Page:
Since their insertion in the delivery rooms of public hospitals, nurse midwives have striven for humanized care in childbirth.
To identify the practices employed by nurse midwives in childbirth care in public hospitals and their contribution to the consolidation of humanization of childbirth.
A descriptive, quantitative, cross-sectional, study, held in maternity hospitals of the public health system in Rio de Janeiro, evaluating records of 4,787 childbirths, of which 2,914 (59.73%) were attended by nurse midwives.
In Maternity Hospital A, 68.50% of childbirths were attended by nurse midwives, while in Maternity Hospital B, the figure was 43.07%. The adoption of upright positions was predominant (78.95%). Encouraging walking occurred in 37.29% of deliveries. Episiotomy occurred only in 4.0% of childbirths.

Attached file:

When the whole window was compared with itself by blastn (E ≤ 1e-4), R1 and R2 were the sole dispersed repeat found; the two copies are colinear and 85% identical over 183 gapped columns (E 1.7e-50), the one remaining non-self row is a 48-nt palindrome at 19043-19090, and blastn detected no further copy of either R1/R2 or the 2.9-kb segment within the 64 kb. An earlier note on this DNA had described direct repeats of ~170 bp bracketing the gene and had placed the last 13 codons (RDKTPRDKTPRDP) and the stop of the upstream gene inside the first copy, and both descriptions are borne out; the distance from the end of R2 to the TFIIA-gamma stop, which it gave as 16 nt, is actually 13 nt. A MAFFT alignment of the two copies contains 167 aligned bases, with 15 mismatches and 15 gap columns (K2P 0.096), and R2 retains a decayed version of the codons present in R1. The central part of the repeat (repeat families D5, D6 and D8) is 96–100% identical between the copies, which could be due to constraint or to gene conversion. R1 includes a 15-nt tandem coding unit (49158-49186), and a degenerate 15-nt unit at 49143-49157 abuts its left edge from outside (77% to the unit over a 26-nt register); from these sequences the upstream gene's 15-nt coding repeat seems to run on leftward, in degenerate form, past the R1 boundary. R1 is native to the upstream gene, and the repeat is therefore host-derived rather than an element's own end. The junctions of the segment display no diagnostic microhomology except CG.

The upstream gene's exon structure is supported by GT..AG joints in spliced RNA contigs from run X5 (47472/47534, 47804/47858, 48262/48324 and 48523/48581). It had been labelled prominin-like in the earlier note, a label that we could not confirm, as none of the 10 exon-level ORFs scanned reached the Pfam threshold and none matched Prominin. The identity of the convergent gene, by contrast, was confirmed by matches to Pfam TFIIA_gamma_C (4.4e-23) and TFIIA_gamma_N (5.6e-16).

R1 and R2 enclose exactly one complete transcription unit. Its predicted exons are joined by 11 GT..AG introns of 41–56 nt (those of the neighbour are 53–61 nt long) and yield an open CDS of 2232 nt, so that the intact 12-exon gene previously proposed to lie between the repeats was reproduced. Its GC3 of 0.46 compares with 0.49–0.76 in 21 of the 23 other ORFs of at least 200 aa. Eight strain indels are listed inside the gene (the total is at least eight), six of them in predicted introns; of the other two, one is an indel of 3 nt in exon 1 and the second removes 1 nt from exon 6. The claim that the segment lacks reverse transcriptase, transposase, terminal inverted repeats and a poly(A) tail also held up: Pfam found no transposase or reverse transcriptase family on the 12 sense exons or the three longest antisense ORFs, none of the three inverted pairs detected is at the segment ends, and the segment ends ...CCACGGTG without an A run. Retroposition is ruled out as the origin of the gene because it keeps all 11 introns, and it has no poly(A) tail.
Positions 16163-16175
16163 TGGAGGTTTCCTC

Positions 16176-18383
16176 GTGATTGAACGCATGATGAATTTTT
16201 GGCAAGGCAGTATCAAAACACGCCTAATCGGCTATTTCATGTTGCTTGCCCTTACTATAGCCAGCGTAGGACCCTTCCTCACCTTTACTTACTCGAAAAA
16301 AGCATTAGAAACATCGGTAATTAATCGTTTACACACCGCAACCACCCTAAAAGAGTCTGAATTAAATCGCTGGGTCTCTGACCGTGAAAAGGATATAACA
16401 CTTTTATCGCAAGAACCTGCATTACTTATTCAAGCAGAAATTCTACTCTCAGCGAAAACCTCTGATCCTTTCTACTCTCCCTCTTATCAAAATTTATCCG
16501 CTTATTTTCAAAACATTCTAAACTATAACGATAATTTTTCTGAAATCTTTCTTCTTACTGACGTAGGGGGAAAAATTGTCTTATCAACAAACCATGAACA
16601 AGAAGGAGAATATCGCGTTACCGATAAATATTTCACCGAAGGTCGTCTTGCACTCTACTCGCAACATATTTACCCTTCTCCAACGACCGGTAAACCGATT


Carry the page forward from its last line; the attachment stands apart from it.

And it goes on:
The most frequent practices were those that do not negatively influence the physiology, contributing to the humanization. The occurrence of interventionist practices represents an ongoing process of change.
Obstetric nursing; Humanizing Delivery; Women's Health; Medicalization